What “Modern” Means in Interior Design

In the layperson’s lexicon, “modern” is more or less synonymous with “right now.” Yet, when you are talking about interior design trends, modern take on a completely different meaning.

The history of modern design dates back to the modernist art movements of the late 19th and early 20th centuries when artists were moving away from classical and impressionistic art and toward high-concept, abstract and streamlined works. Architects and interior designers inevitably took inspiration from the monumental shifts in art, and the modern style of interior design hit its peak in the 1950s and 1960s.

Today, modern interior design adheres to many of the same principles and characteristics as the original modernist designers of the 20th century. Additionally, modern design has mixed with many other emerging interior aesthetics to create new varieties of the modern style worth recognizing.

Characteristics of Modern Design

While many interior design styles are obvious and easier to decipher upon first glance, modern has been so impactful on the development of new interior aesthetics that true modern design is often confused with other styles, such as minimalism, Scandinavian or contemporary.

Straight Lines

The modern design eliminates excessive ornamentation, to the extent that even curves, as one might find in archways, are not present or welcome in modern homes. Simple geometric shapes with straight lines dominate the modern aesthetic, utilizing strong horizontal and vertical elements to create visual interest. The objective of this characteristic of the design is to emphasize function, remove distraction and provide more calm in the home. You might best appreciate this concept by considering the streamlined form of modern ceiling fans.

Exposed Structure and Natural Light

In modern design, less is more. This is most obvious in the architecture of modern spaces, which tends to use a fewer number of larger rooms. Fewer walls mean that natural light can reach more corners of a home, creating brightness and lightness in the design. Additionally, modern design often celebrates the structure of a building by leaving structural elements visible and on display.

Neutral, Natural Colors

Bright and loud colors can grab and hold viewers’ attention, but they can also become wearying to the eyes and emotions over time. To prevent this tiring effect as well as showcase the inherent beauty of simplicity, modern design tends to utilize only neutral tones as well as the colors found in natural materials, like wood grains and marbles. Occasionally, modern design will include bright accent colors to draw attention to certain features within a space.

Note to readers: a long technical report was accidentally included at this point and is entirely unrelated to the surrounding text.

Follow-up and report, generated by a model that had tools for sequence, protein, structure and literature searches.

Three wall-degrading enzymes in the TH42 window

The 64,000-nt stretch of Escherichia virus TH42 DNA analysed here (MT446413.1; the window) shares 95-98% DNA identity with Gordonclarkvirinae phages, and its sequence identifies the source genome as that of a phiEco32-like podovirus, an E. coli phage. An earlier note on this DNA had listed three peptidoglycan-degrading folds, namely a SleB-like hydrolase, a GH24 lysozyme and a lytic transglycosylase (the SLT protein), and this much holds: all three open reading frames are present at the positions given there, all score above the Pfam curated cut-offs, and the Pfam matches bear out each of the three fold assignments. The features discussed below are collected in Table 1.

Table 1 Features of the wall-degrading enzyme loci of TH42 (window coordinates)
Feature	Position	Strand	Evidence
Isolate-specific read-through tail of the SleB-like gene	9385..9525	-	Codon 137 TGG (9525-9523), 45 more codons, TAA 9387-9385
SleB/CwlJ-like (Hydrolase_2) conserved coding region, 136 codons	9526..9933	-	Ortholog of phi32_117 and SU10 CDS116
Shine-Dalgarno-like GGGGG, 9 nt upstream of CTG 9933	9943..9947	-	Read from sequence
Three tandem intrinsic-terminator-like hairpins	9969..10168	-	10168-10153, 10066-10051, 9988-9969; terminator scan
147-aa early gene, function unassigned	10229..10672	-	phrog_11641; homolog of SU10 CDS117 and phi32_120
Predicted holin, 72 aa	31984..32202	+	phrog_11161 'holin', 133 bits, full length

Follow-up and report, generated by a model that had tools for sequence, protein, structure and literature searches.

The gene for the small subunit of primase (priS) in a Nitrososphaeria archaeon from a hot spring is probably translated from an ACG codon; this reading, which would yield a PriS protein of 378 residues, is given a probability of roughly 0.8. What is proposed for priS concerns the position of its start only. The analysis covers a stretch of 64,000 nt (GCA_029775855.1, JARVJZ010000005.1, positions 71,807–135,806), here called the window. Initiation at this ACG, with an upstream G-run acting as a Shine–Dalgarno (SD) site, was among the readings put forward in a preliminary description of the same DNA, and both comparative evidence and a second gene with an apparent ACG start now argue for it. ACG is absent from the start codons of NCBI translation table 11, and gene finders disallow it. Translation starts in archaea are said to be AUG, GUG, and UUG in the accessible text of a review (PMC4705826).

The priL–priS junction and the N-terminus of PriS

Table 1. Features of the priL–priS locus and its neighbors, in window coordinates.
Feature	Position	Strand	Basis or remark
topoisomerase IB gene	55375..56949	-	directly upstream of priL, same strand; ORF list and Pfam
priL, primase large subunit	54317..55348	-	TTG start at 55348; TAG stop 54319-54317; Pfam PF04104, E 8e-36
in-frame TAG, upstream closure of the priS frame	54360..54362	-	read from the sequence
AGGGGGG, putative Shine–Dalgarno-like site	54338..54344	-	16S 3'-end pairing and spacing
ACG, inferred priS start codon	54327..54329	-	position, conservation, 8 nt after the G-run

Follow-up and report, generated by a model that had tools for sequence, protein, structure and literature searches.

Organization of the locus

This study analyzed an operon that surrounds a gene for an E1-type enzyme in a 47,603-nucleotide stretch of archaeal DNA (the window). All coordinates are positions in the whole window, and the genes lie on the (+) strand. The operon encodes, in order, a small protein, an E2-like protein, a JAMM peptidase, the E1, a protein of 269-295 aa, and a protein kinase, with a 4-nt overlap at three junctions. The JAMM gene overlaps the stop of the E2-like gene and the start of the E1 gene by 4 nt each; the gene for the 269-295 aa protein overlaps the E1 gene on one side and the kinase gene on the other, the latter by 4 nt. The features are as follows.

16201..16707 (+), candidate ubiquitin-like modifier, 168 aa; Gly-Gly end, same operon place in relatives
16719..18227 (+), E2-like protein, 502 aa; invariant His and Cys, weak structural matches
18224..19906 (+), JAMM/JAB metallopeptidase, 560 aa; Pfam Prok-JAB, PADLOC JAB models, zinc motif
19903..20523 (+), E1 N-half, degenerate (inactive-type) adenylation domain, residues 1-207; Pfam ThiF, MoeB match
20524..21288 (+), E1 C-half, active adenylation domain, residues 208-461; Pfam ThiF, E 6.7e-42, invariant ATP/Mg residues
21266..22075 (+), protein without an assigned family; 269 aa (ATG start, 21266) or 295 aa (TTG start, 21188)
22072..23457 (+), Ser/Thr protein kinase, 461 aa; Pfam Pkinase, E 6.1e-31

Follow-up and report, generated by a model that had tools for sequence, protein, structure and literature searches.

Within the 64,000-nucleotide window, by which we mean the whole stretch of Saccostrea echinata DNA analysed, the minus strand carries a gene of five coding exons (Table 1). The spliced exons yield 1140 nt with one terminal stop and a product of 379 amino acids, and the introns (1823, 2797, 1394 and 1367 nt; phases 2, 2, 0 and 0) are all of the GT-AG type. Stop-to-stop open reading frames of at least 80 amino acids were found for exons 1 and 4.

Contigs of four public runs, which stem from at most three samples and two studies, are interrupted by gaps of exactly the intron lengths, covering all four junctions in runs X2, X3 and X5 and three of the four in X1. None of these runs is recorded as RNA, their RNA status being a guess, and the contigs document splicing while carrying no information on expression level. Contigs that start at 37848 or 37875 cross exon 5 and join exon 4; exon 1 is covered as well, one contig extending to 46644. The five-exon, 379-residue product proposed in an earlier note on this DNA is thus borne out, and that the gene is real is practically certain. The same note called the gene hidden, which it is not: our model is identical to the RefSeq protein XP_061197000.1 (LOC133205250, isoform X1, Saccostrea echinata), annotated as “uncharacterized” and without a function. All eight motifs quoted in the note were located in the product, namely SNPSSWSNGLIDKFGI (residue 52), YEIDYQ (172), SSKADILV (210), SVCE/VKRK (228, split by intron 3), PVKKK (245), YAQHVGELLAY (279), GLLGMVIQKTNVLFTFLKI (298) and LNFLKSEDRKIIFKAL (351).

New Spins on Old Modern

Though once revolutionary in interior design, the essential characteristics of the modern style have become commonplace across American homes and served to inspire countless designers in the development of similar but novel interior aesthetics. Some of the most popular offshoots of the modern interior movement include:

Modern dining room interior design with white empty wall

Minimalist

Influenced by modern design as well as traditional Japanese interior décor, minimalism further strips away ornamentation and decoration to prioritize necessary function overall. Minimalist homes tend to look more austere than modern homes as all color and embellishment are eliminated in favor of streamlining life, but with the right combination of architecture and color, minimalist interiors can enhance the calming effect that modern design often provides.

Industrial

Interior designers began developing the industrial style in part as an escalation of the celebration of a building’s structure as occurs in modern design as well as due to the widespread availability of industrial buildings across the world’s largest cities. Industrial designs often make use of existing structures and forms, including exposed pipes and ducts, wooden framing, bare brick, concrete flooring, and more.

Scandinavian

Inspired by the traditional interior aesthetics found in Scandinavian countries like Denmark, Sweden, and Norway, Scandinavian design arose as a rejection of the aristocratic power of the Old World and a celebration of democracy and social equality. Scandinavian design overlaps with modern design in many ways, especially with straight lines and neutral colors, but Scandi designers also strive to incorporate the Scandinavian concept of hygge, or coziness, through lighter and warmer colors and plush textures.

“Modern” refers to a very specific style of interior design — although one that has come to dominate Western interiors. As you continue to explore the world of interior styles and aesthetics, you must remember the foundational characteristics that define modern design.

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